Electronic Medical Records and Their Risks
Hackers Love to Steal Medical Records. Reduce your Risk.
Electronic medical records (EMRs) were once heralded as the ideal way to store patient files. Paper files were inches thick. Pages could fall out. The filing was a nightmare, and all those inches of files added up to massive stacks taking up lots of office space. So, the concept of digitizing a patient’s records had instant appeal. But since its debut in 1972, EMRs have proved to be both a boon and a bust for the medical field.
EMRs also offered a fantastic way for medical professionals to share patient records with emergency rooms, specialists and other providers and share them fast. Facilities would store patient data, and EMRs would be accessible on a network. Doctors could find critical data with a simple search instead of paging through a stack of paper. Data accuracy would improve.
Reality has fallen short of such lofty predictions, some professionals argue. One reason is the genuine risk to electronic information storage. That risk comes from data breaches, or a system infected with ransomware—computer malware that can lock up the system making files inaccessible.
As ransomware continues to soar—some experts estimate it has increased 1,000% in the past year over the preceding 12-month period—EMRs have become a double-edged sword. Electronic records take up less space and might be more accurate. It’s easier to keep prying eyes out of EMR files if login credentials are not widely available. However, hackers can crack open a computer, and recent studies have detailed an alarming rate of password sharing amongst medical workers. Such a mix of good and evil isn’t reassuring when your personal health information, or PHI, is at stake.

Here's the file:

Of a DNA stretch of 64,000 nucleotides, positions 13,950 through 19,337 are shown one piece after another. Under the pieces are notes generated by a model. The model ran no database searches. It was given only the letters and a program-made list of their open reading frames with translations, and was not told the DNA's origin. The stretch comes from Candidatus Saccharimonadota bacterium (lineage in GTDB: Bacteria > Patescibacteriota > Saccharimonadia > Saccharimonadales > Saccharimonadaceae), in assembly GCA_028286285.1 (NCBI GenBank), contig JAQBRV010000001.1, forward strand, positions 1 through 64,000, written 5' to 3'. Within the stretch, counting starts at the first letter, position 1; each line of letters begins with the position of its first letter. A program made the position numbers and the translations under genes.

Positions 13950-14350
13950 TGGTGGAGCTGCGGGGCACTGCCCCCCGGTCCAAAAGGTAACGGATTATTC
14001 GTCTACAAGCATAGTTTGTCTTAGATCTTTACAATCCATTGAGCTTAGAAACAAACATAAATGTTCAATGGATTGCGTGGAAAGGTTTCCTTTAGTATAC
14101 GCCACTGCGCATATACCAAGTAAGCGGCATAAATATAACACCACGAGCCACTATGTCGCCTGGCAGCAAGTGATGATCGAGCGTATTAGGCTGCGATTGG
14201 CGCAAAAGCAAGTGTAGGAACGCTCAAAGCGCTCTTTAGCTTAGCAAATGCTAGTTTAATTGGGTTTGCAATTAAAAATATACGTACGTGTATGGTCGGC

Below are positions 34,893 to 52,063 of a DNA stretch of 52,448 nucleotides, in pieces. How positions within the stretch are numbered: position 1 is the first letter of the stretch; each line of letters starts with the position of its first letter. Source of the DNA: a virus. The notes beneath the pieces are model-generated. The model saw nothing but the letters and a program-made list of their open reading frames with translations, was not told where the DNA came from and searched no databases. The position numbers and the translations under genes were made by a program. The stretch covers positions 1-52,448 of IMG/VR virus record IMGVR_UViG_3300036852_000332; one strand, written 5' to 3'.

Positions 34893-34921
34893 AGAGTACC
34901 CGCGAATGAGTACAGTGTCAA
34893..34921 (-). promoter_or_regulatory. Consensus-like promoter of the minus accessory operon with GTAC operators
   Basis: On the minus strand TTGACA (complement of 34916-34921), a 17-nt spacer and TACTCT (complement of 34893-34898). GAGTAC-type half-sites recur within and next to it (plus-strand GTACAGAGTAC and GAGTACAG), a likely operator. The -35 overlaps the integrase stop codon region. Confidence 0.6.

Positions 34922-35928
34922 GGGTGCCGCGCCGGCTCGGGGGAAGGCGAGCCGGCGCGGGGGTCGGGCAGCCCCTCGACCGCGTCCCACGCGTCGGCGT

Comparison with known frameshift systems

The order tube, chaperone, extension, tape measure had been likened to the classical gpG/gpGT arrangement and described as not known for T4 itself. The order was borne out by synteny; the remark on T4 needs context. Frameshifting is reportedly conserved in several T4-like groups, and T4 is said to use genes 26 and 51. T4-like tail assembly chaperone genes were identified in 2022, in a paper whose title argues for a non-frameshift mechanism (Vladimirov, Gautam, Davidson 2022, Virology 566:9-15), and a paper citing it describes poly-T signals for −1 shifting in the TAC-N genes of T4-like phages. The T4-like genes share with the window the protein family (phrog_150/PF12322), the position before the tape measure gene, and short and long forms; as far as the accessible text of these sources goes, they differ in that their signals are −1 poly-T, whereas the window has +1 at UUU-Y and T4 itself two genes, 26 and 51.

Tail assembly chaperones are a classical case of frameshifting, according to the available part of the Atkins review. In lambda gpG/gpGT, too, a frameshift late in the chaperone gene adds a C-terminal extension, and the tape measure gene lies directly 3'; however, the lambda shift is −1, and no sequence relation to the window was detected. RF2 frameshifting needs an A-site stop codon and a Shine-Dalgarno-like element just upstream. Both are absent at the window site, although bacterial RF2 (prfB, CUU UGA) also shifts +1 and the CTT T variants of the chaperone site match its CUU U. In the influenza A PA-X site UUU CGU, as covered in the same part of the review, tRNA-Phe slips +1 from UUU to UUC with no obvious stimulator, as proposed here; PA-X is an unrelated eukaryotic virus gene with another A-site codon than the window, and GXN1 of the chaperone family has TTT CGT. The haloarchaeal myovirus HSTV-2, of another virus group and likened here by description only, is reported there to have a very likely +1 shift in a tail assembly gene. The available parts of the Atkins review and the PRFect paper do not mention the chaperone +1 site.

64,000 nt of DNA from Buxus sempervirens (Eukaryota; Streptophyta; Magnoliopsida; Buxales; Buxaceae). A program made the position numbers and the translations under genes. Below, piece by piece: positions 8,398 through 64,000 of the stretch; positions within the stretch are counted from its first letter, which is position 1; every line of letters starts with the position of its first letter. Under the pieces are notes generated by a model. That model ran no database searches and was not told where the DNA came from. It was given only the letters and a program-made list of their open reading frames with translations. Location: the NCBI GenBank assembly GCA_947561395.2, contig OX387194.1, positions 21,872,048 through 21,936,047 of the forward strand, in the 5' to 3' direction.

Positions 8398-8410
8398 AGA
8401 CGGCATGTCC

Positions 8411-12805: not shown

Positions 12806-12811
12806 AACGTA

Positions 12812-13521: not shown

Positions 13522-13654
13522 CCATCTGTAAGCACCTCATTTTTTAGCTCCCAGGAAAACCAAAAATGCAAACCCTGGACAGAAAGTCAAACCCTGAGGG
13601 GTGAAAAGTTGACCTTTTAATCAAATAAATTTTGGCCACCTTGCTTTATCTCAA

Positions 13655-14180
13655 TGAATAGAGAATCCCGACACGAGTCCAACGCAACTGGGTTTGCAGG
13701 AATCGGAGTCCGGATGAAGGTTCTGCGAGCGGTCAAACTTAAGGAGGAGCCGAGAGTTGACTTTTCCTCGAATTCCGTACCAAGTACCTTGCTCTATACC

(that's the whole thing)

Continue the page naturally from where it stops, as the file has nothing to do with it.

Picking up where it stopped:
The Current Reality
Hospitals, doctor’s offices, laboratories and clinics are clear targets. Last fall, CISA, the federal government’s cybersecurity and infrastructure security agency, and the FBI issued an advisory to the medical field.
The agencies stated they possessed “credible information of an increased and imminent cybercrime threat to US hospitals and healthcare providers.” While the joint effort included offering facilities advice on how to prepare, it’s not known how many provider organizations followed that advice.
Shortly after that October 2020 warning, a Maryland medical center experienced a ransomware attack that locked patient files. The intruders demanded a ransom paid in bitcoin within three days, or they’d destroy patient records. In May 2021, a San Diego hospital was the target. The medical center had to divert patients suspected of stroke or heart attack to other facilities, and these were just two of the hundreds of medical attacks in the past year.
Ransomware tactics occur weekly, if not more frequently, around the United States. The damage is significant. Government cyber groups reported, “activities include credential harvesting, mail exfiltration, crypto-mining, point-of-sale data exfiltration, and the deployment of ransomware.”
Medical identity theft and insurance fraud can result. Medical identities sell for hefty prices—much higher than stolen credit card data. The hacker’s goal is economic, but these crimes also create life or death consequences for the sick and the injured.
Television series like Chicago Med and Grey’s Anatomy create scripts around the chaos that would ensue when a hospital cannot access its records system. Doctors cannot read lab test results or patient histories. Specialists cannot share patient records with others who treat the same patient. It seems fictional, but these scenarios are facts.